When the substrate rejects the coating

What's the best way to coat fly ash concrete?

From the experience of PQA Inspector Dave Lick

A tidy few years ago, the inspector found himself on a project that should have been a breeze: a new Arts Center with four levels of poured-in-place concrete ceilings.

The concrete surfaces were in virtually ideal condition: the concrete contractor had done an excellent job leveling and roughening the walls with no sacking or poor-quality patching work to be seen. This was a LEED job, so the spec called for a water-based primer with a strong track record approved under MPI #3 Primer, Alkali Resistant, Water Based.

The project's schedule required the painters to start by priming only a small 50-foot section prior to coating the remaining ceiling surfaces. That was serendipitous, because the next day the inspector found the primer had zero adhesion to the surface; it readily came off with very fine dust stuck to the back of the delaminated film.

Relieved at finding the problem before the whole job was primed, the inspector decided the coating had been applied over a ‘dirty’ surface and the dusty contaminants had interfered with adhesion. He showed the dusty film sample to the painting contractor and told him a cleaner surface would be required. The contractor was dubious (“we broomed the hell out of it!”) but proceeded to meticulously broom and clean the area again with wet rags; since this was an interior surface, power washing was not an option. The primer was applied …and again, the same result: zero adhesion.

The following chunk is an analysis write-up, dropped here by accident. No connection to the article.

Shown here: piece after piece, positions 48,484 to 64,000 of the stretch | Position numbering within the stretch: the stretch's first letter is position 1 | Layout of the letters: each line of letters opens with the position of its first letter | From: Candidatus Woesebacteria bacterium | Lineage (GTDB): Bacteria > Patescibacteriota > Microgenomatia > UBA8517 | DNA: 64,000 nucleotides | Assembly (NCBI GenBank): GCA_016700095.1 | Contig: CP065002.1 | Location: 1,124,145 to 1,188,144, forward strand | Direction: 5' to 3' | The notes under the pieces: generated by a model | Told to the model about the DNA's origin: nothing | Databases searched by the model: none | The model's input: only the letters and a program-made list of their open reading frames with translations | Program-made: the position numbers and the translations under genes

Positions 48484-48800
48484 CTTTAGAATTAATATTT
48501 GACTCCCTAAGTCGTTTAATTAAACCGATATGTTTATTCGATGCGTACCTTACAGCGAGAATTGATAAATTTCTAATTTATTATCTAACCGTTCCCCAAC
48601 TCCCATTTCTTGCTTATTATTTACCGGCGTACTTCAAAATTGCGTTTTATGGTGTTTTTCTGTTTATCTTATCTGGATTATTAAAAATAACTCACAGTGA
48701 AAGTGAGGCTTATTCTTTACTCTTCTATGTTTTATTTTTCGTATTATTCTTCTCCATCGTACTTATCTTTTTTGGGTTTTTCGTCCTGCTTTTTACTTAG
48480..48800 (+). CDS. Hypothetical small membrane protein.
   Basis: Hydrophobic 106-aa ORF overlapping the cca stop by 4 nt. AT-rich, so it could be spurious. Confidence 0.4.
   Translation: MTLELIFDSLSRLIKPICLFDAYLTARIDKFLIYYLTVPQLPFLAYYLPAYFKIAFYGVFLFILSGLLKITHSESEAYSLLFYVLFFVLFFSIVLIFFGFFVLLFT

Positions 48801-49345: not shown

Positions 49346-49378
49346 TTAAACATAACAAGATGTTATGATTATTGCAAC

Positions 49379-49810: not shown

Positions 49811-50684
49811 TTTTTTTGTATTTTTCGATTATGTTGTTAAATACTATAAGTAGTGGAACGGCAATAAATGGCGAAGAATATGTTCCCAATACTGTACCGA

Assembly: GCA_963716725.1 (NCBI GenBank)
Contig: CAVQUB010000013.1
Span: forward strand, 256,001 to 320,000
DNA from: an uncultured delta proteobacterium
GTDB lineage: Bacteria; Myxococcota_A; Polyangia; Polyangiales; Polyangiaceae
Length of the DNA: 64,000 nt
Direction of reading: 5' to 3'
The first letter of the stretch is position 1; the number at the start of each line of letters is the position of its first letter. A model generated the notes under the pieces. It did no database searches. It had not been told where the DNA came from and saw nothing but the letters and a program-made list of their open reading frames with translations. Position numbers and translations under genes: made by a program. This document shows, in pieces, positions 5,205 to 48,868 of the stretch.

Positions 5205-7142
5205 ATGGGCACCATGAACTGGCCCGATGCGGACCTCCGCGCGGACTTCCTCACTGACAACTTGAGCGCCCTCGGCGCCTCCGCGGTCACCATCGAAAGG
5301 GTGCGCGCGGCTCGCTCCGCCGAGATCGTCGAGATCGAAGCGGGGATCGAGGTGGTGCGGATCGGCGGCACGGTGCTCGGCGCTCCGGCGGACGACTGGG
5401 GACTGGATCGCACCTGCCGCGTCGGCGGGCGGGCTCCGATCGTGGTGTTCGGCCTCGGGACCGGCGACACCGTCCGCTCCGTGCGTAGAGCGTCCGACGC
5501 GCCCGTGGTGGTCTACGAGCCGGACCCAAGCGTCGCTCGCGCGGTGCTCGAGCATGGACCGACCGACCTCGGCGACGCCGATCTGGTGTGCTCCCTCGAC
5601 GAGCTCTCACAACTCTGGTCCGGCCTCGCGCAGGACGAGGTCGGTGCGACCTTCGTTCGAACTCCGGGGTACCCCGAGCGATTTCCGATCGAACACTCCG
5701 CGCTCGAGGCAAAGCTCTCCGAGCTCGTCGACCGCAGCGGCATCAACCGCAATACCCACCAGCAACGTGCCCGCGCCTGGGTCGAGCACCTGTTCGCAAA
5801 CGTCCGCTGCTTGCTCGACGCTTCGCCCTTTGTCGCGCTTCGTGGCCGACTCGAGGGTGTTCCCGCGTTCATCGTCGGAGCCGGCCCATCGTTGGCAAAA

The inspector asked for three new test patches, stood by to oversee the contractor’s surface prep work, and applied three other products approved under MPI #3 including a clear product the inspector knew to have exceedingly high penetration characteristics. No luck: three complete failures and an inability to penetrate the pervasive fine dust.

The inspector now grew suspicious and asked the GC, “Is there something different about this concrete?” The answer was: yes, it’s fly ash concrete.

What’s Fly Ash Concrete?

Concrete is typically composed of gravel, sand, water, and Portland cement. Worldwide, the manufacture of Portland cement has a relatively large carbon footprint; as of 2005, it accounted for the greenhouse gas equivalent of 330 million cars driving 12,500 miles per year (sustainableresources.com). Fly ash, a by-product of coal-fired electric generating plants that might otherwise end up in a landfill, can be substituted for more than 25% of the Portland cement portion of the mix. Two types of fly ash are available: Class C fly ash, which is typically light or tan colored and is produced from burning lignite or sub-bituminous coal; and Class F fly ash, which is dark grey and is produced from burning anthracite or bituminous coal.